No 1482 Posted by fw, October 18, 2015
“The basic idea is the construction of a new grand enclosure, and to put inside this grand enclosure the United States, 51 other countries, 1.6 billion people, and two-thirds of global GDP; to integrate Latin America away from Brazil and towards the United States; to integrate Southeast Asia away from China and towards United States; and to integrate Western Europe pulling it away from Eurasia as a whole and towards the Atlantic.” —Julian Assange, Editor in Chief, WikiLeaks —
“What is so scary about this is that corporations want to lock in their power. So they not only want increased power, but they want to make it impossible for sovereign governments to reverse the changes which are going to give them power. —Matt Kennard, Centre for Investigative Journalism
“These treaties will have huge implications for literally almost every critical issue that an individual citizen or community would care about – health, education, the environment, privacy, and access to medicines. I mean the list could go on. If a protest affects their profits they can sue. If laws affect their profits they can sue. If new regulations might impact where or what they want to do with their money, they can sue.” —Claire Provost, Centre for Investigative Journalism
The above quotes are excerpted from a video released by the WikiLeaks Channel.
If you’re not worried about the three pending US-led trade agreements, you should be. This post is one more in a continuing series on US strategies to rule the world – economically, politically, and militarily. We can’t let that happen. We must stop Harper, Trudeau, and Mulcair from approving the TPP, as well as the other trade agreements in the pipeline.
Watch the embedded 8:22-minute video below, followed by the complete transcript. (Note: This video features an auto-generated transcript to accompany the images; it’s full of errors so just ignore it).
John Pilger, Investigative Journalist — This is something enormous. It is about a final control, and it’s the United States saying “There may be another power in the world but we will be the ultimate power.”
John Hilary, Executive Director, War on Want — Quite explicitly the US and the EU is saying that they want these new trade agreements to form the blueprint, the template for all future trade deals. And that means they’re rewriting the rules of the global economy. And that means for everybody.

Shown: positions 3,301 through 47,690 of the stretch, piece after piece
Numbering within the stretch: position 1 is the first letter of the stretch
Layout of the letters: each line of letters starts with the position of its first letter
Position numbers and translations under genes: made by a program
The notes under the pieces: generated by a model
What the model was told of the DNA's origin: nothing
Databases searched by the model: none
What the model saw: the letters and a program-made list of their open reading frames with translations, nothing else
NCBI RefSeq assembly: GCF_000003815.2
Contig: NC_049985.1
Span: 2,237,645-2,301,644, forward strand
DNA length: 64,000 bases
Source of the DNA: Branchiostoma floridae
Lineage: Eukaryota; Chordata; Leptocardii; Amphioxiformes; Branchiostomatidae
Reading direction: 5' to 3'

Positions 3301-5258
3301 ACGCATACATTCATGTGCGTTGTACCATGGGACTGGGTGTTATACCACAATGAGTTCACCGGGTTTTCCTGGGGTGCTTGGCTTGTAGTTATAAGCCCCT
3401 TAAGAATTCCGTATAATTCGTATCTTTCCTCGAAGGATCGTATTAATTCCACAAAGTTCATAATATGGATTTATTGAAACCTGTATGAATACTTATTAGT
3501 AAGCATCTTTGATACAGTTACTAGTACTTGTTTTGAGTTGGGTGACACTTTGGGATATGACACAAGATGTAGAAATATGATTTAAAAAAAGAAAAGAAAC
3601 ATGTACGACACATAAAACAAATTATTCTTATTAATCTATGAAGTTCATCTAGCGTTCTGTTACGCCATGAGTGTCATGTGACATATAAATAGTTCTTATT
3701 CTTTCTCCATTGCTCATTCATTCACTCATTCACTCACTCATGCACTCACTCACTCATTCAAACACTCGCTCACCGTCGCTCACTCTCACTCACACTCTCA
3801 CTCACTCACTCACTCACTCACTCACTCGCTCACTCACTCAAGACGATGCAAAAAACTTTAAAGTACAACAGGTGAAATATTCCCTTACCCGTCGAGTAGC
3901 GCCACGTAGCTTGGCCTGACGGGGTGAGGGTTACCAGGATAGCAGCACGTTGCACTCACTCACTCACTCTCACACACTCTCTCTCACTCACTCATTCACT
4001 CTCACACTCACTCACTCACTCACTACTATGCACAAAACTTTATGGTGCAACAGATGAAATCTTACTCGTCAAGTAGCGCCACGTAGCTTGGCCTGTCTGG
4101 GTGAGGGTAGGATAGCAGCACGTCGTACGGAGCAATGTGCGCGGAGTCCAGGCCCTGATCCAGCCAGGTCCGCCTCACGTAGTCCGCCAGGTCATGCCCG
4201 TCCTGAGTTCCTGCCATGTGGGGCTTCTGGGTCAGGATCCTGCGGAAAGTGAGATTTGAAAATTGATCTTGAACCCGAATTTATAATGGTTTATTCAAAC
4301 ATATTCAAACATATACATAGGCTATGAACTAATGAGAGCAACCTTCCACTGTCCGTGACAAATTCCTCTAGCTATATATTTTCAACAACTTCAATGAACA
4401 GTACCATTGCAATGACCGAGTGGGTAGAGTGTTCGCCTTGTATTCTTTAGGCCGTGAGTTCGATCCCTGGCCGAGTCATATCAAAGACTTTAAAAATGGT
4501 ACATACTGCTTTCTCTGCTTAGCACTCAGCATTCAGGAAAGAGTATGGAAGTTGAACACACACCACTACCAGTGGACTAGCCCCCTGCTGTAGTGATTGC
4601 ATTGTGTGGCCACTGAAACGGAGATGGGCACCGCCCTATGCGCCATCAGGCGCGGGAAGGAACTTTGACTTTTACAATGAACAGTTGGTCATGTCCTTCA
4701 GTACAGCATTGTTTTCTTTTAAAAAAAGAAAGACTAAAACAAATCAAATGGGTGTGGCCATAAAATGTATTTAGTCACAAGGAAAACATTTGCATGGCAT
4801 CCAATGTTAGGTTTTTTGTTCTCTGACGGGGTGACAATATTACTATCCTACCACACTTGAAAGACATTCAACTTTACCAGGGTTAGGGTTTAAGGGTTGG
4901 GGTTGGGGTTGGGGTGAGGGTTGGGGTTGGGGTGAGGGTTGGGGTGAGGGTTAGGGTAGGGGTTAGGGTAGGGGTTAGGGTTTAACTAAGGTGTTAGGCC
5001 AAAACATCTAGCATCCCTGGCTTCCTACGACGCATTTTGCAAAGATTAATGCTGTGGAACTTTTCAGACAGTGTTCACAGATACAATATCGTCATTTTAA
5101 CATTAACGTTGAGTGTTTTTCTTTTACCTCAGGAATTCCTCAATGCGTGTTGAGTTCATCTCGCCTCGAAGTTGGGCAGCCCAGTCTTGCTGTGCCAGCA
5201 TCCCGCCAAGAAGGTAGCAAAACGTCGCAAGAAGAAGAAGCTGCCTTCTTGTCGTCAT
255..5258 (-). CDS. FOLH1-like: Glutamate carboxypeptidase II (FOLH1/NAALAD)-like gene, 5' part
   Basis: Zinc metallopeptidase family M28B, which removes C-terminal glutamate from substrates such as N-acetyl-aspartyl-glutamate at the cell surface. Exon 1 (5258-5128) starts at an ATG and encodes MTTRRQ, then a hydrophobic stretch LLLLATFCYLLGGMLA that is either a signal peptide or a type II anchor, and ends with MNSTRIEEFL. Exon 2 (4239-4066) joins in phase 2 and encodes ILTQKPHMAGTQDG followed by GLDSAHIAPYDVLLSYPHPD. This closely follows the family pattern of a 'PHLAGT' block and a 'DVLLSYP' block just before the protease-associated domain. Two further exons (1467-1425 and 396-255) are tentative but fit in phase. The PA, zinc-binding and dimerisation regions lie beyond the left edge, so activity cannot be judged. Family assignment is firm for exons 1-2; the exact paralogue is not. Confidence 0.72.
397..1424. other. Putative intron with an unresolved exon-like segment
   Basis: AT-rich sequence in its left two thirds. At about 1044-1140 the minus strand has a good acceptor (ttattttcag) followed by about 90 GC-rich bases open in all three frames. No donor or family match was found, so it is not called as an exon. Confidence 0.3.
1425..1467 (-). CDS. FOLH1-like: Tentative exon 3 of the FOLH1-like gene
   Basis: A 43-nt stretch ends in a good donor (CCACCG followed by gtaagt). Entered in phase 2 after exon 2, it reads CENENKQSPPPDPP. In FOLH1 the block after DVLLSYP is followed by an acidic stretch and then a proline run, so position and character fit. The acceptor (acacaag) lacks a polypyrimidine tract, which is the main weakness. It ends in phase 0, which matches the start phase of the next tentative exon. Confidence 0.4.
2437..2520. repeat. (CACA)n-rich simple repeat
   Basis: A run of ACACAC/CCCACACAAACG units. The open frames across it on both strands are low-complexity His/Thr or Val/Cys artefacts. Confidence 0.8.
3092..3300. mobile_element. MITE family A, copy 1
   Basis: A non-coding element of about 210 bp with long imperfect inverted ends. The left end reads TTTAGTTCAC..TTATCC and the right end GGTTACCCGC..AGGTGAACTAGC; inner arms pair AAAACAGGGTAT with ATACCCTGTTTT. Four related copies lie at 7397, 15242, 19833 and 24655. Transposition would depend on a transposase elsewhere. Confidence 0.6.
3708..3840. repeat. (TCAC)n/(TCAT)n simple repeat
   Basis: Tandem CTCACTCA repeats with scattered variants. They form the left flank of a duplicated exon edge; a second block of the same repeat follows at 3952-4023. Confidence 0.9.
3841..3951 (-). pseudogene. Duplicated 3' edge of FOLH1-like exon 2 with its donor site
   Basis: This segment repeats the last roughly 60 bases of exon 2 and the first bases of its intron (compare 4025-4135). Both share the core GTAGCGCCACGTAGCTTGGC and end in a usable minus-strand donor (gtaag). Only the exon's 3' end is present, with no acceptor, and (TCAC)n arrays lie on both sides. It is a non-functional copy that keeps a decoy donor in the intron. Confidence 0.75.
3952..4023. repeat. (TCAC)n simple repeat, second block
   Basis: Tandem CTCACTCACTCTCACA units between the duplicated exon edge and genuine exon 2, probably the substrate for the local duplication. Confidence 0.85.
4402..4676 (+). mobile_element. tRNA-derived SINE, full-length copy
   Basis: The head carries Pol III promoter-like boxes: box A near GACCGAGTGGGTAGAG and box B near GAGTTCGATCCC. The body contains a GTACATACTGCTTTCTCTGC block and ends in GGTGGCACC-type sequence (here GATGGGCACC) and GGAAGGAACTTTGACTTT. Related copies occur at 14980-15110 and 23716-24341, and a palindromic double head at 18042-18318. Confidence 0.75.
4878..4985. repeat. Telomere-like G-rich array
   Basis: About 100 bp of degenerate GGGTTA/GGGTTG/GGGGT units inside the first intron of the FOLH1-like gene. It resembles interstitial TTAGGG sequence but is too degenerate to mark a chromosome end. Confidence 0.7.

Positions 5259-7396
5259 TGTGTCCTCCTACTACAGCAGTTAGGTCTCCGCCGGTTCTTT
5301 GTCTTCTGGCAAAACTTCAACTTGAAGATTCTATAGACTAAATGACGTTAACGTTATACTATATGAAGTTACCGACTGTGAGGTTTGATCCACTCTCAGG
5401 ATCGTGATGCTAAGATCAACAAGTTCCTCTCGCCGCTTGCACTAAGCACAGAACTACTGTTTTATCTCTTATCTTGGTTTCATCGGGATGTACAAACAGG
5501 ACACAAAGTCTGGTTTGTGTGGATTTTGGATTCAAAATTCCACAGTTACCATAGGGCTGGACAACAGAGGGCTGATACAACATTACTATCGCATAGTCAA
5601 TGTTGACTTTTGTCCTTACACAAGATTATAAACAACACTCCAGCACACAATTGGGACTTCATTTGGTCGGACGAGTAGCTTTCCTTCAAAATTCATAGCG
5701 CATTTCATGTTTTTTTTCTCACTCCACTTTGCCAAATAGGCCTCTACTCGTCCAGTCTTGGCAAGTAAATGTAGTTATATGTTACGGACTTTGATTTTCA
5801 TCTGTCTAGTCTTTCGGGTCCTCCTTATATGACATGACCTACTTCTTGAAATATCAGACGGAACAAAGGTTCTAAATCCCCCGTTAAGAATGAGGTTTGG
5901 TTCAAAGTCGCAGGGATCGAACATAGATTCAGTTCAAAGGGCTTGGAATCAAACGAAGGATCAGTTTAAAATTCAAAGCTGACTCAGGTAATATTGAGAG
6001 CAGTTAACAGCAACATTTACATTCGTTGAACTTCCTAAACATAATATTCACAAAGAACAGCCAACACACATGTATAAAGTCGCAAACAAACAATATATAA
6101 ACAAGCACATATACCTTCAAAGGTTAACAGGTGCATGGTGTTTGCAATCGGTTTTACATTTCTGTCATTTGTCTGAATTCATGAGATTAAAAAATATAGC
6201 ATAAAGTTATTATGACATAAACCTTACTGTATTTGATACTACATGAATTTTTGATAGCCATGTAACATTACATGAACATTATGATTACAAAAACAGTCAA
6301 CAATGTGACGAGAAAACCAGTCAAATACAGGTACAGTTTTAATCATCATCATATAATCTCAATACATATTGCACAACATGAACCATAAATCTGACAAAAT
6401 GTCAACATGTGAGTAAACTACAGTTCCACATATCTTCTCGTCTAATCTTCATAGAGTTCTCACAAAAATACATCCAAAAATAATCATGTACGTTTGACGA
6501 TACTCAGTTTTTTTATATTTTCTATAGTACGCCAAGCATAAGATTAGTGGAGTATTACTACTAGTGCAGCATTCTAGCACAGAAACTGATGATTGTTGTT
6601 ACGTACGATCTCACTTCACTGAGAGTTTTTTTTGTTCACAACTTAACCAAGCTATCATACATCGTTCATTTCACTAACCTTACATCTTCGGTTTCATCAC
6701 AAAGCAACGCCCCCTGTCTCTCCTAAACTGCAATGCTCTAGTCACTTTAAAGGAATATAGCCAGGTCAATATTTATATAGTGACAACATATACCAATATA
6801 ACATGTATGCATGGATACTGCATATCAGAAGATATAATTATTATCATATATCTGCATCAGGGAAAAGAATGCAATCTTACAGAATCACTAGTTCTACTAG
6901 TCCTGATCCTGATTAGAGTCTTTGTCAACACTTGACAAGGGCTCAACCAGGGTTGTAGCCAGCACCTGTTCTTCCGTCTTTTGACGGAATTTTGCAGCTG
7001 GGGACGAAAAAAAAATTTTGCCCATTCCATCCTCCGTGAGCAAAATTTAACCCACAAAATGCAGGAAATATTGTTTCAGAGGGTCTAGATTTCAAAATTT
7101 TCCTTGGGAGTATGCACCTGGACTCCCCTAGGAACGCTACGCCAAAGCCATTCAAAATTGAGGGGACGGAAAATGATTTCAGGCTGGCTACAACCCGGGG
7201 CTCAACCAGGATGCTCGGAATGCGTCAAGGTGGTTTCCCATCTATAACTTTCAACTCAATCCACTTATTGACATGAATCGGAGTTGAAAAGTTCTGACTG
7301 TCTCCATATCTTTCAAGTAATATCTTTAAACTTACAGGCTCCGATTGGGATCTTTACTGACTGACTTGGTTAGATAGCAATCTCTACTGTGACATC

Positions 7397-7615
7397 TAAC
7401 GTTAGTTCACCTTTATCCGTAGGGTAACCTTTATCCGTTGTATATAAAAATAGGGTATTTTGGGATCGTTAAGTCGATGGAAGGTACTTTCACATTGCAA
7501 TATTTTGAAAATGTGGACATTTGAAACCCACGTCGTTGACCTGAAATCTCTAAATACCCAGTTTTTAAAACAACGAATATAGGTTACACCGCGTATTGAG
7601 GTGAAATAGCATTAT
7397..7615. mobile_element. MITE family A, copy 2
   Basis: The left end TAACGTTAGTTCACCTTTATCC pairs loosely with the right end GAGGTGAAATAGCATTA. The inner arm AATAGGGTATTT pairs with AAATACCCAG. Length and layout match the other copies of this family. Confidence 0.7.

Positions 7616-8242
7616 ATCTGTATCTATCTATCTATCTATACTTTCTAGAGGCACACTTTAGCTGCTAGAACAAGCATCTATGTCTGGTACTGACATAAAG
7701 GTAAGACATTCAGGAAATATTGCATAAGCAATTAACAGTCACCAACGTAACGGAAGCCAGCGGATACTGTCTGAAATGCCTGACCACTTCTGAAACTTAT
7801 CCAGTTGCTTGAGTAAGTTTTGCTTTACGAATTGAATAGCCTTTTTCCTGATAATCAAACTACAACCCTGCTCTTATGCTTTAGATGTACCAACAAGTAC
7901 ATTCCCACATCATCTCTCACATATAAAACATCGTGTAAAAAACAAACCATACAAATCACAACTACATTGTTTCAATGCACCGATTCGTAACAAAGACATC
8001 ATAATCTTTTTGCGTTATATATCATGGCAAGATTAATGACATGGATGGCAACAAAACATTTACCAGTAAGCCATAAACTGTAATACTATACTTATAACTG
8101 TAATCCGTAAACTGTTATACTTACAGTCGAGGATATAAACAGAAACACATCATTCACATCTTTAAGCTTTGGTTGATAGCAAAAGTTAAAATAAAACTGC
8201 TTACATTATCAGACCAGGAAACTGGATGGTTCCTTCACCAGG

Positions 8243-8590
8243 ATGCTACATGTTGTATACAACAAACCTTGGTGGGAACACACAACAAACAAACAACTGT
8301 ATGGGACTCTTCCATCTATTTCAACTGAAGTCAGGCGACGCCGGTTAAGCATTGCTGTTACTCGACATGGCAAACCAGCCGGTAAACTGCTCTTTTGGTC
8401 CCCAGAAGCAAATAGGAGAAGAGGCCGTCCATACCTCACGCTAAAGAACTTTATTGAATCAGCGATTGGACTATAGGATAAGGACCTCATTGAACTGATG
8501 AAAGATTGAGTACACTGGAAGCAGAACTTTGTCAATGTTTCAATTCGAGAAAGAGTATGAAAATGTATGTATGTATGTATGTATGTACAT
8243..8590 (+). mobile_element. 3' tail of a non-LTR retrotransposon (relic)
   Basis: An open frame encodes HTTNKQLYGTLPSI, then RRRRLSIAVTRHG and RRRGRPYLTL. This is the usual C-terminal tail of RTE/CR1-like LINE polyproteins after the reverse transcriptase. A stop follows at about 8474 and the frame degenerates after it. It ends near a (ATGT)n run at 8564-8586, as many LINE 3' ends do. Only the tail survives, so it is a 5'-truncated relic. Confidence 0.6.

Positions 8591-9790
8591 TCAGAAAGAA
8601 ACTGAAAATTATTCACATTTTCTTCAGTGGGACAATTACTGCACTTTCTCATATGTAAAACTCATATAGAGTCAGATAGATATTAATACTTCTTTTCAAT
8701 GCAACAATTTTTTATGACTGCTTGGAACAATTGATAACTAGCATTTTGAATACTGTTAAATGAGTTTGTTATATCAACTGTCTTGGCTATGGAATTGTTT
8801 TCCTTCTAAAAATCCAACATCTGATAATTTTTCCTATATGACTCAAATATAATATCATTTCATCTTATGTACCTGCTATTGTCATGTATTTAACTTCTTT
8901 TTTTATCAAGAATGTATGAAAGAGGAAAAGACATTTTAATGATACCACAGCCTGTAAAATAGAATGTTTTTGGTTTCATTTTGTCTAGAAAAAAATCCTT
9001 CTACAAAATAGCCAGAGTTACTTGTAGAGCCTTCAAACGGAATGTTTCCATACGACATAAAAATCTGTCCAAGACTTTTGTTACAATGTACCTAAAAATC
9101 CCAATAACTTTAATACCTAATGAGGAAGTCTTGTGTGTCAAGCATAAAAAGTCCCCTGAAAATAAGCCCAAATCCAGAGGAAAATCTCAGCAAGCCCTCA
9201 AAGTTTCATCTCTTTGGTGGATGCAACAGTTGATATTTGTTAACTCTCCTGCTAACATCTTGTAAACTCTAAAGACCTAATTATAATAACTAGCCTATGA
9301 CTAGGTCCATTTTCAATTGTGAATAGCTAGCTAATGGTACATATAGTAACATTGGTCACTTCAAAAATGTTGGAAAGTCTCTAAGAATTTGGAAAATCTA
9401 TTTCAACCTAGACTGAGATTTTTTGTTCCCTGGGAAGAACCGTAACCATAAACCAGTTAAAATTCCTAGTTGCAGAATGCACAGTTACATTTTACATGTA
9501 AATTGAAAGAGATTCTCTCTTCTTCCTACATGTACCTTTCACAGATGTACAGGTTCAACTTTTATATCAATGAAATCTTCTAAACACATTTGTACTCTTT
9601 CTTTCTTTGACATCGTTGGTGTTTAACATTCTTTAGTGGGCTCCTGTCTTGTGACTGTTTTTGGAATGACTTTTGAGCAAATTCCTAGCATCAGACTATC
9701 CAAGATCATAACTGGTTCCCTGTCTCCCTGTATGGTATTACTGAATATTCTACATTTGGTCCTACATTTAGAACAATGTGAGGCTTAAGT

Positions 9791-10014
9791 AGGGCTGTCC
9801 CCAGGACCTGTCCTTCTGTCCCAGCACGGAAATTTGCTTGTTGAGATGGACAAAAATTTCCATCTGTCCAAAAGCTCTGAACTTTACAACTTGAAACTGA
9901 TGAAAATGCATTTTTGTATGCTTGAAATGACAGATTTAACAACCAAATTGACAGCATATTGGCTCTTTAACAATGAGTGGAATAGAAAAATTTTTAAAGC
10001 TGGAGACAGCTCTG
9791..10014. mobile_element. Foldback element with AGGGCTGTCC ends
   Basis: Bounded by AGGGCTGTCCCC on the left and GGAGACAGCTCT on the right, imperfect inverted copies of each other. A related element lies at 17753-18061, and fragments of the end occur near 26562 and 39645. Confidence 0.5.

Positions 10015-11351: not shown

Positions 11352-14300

Narrator — Once signed, it is cementing key parts of the US government’s plan to create a new global block that will ensure the dominance of its largest companies. And to understand why we need to go back to the 1950s.
Video Clip — Dinah Shore sings “See the USA in Your Chevrolet” introduces the new Chevrolet for 1953
Narrator — After the Second World War the United States accounted for half of the world’s economy. Its influence was unmatched by any country and it was able to write the only rules of international trade to its advantage. The World Trade Organization was created in this context and the US dictated rules that favored American business. But as economies like China and India joined the WTO it became a more democratized arena, and the US found harder to control its decision-making.
John Pilger — At the WTO and it’s Doha rounds, India spoke up and Brazil spoke up, and the US lost control.
Pascal Lamy, WTO Chief – “It is no use beating around the bush. This meeting has collapsed.”
Narrator, The US felt it needed a new strategy to maintain its global dominance. So in classical American style they went big. To bypass the WTO, they’re creating the biggest international agreements that the world has ever seen. They’re called the three big T’s — the Trans-Pacific Partnership or TPP, the Transatlantic Trade and Investment Partnership or TTIP, and the Trade in Services Agreement or TISA. And they’re all being negotiated in secret, right now.
John Pilger – We only found out when WikiLeaks was able to leak parts of them.
John Hilary — What’s interesting is when you look across all of these deals whether it be TTIP, TPP, or TISA, China is excluded but also Brazil, Russia, India, South Africa — they’re all excluded because those are the emerging economies.
Matt Kennard, Centre for Investigative Journalism — What is not often understood is that these agreements are part of the geopolitical war. This is a new war which is taking place within the United States and China. The United States is very scared of the rise of China so it has moved to militarily encircle it through what is called the pivot to Asia. And now it’s moving on to doing that economically.